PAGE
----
How Your Bank Business Model Impacts Performance
You are likely in the process of finalizing your strategic plan. The good news is that strategy matters and your team’s time and effort in refining your strategy should pay off. The question is, how much will it pay off? That answer depends on the strategy your bank is pursuing and the underlying business model your bank chooses to leverage. In this article, we look at two very similar institutions, but ones with different bank business models, and show how their model impacts performance.
Comparing the Two Banks
Let’s say we have two banks competing in the same market. Both banks have a primary goal next year to grow their commercial customer portfolio. Both banks are the same size and have the same sized technology, compliance, sales, risk, and marketing budgets. Both banks invest in the same technology and have about the same compliance, risk, sales, and marketing tactics. Look at the comparison below:
On the surface, both banks are similar. However, the difference between these two banks comes down to HOW these banks deploy their platforms. Bank A has a generic approach, while Bank B is using almost the same technology to provide more profitable products to more profitable customers. They are building a platform where partnerships can be added, and new products and services can be delivered at a faster pace.
Bank A focuses on optimizing, while Bank B focuses on transforming. Bank A is trying to deliver traditional products in the most efficient way possible. Bank B is sacrificing efficiency for effectiveness and innovating new products to capture new markets.
It is essential to point out that both models can achieve above-average results and create happy employees and shareholders. The question is, which model is better? Statistically, which bank business model gives managers the best chance to achieve their goals?
The Data on Bank Business Model Strategy
To answer the question, we turn to Gartner data that looked at this very issue and grouped a set of sample banks into two categories – those banks that kept their current model and optimized product delivery and those banks that used their technology budget to create a platform that can be used to go after specific, profitable customer niches.
The data is startling. The path of executing a bank business model that creates unique products for specific customer segments is the clear winner. Banks that invest their capital to create new products and services to deliver a unique value proposition are far more likely to achieve their revenue, cost management, and risk goals by more than a 2:1 margin. That is – your chance of achieving your goals more than doubles when moving away from commoditized products (below).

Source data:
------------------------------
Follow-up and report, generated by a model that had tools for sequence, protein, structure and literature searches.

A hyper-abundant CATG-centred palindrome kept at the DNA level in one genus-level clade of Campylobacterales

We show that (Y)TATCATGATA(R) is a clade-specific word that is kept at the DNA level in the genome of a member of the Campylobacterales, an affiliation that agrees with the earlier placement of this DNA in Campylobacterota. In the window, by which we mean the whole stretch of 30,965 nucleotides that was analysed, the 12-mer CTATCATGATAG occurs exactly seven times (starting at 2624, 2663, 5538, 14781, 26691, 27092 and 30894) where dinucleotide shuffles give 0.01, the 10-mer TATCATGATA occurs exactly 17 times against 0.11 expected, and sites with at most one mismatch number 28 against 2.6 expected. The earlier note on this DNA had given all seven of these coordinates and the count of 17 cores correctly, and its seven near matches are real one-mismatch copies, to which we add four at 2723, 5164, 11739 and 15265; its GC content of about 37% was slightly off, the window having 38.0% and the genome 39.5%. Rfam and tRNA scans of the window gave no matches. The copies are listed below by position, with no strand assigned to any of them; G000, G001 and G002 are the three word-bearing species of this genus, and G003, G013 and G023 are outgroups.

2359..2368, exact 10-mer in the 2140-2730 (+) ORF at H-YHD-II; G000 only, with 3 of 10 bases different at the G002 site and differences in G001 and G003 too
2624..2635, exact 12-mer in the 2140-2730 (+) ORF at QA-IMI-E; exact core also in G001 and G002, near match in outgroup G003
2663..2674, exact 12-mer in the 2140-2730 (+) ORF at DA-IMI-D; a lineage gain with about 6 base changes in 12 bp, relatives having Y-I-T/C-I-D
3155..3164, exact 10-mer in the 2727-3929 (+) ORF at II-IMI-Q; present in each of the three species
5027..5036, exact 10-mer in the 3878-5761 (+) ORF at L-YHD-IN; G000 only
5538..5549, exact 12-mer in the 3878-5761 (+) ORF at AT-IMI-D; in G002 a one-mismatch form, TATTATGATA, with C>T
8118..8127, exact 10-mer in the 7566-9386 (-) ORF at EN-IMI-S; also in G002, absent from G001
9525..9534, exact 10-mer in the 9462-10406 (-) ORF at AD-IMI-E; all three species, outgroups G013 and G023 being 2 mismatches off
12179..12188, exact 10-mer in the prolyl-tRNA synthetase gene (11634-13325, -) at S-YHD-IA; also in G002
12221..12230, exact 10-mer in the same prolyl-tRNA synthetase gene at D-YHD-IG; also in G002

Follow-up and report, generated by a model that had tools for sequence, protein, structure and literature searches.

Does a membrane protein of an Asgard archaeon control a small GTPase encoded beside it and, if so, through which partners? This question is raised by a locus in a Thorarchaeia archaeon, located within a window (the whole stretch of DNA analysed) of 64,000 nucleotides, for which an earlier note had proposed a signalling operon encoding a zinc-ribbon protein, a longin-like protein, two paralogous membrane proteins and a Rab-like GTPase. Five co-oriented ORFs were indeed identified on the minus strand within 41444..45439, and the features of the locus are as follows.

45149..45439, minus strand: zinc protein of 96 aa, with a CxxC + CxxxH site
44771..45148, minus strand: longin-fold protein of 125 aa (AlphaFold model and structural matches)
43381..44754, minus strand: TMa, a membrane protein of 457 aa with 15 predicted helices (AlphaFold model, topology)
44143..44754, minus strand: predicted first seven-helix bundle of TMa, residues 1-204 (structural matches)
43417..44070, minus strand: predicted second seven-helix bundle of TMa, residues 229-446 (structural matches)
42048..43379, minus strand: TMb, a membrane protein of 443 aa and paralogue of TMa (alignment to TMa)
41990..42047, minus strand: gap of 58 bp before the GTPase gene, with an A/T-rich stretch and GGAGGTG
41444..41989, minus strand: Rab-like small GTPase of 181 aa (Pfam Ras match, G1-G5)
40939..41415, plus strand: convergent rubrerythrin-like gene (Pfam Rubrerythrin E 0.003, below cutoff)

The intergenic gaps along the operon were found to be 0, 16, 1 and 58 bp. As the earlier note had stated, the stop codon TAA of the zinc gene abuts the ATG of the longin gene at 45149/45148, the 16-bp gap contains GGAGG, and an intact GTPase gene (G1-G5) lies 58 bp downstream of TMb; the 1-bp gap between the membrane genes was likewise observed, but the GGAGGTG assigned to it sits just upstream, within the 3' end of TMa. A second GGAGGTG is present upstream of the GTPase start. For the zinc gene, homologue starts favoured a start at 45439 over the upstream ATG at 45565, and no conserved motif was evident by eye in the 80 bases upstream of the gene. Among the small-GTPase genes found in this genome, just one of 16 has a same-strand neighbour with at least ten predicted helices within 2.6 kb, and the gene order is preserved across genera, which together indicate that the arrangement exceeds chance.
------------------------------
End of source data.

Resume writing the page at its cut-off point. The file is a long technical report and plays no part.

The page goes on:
The reason for this outperformance comes down to the ability to gather cheaper deposits, better margins on loans, and more fee income. It also means cheaper customer acquisition cost and a longer cumulative lifetime value as transformative banks often have more products per customer that not only increase profitability but also aid in retention. Hence, those customers stick around more than 30% longer.
Reducing the Risk of Failure
There is a derivative of getting your bank business model right, and that is downside protection. Not only does a transformational and targeted banking platform increase your odds of success, but it also decreases your odds of failure. While creating new products for new market segments is risky, the return more than offsets that risk if done correctly. Risk is reduced because profit margins are greater, and the bank can generate more fee income from more customers. In other words, you are at least two times less likely to fall below your revenue, cost, and risk goals by pursuing a strategy where you have little or no competition.
It is Not All or Nothing
There is nothing wrong with optimization. Making your bank more efficient is always a worthy endeavor. Our point in this article is that there is more than one way to achieve efficiency, and your bank might be better off being less efficient but more effective. Inventing new products and going after new markets takes time. Despite this added time, any step in the right direction is likely to pay off. Similarly, a bank may choose a hybrid business model between these two choices and have a strategy that invests in making traditional banking products more efficient and creating a limited number of new products to go after a limited number of new customer segments.
A hybrid structure produces superior results as well (below). Partial transformation pays off materially.
Real World Examples of Top Performing Bank Business Models
We recently wrote about some of the technological trends that are transforming banks (HERE). These are the ability to handle modern payments, connect and deliver banking products and services via API to customers and partners, and customize a banking platform to go after specific industries such as healthcare, insurance companies, municipalities, shipping, and asset managers. For the future, it means leveraging data and generative AI to provide more insight into customer finance and operations.
This can be done with a product such as trust (Thrivent), credit cards (Credit One), or captive financing (Eaglemark Bank). It can also be done by going after niche markets leveraging banking-as-service such as the likes of Finwise, The Bancorp, MVB Bank, etc.). Each of these banks, and about 80 more in the banking industry, produces consistent outsize returns being effective, transformative banks.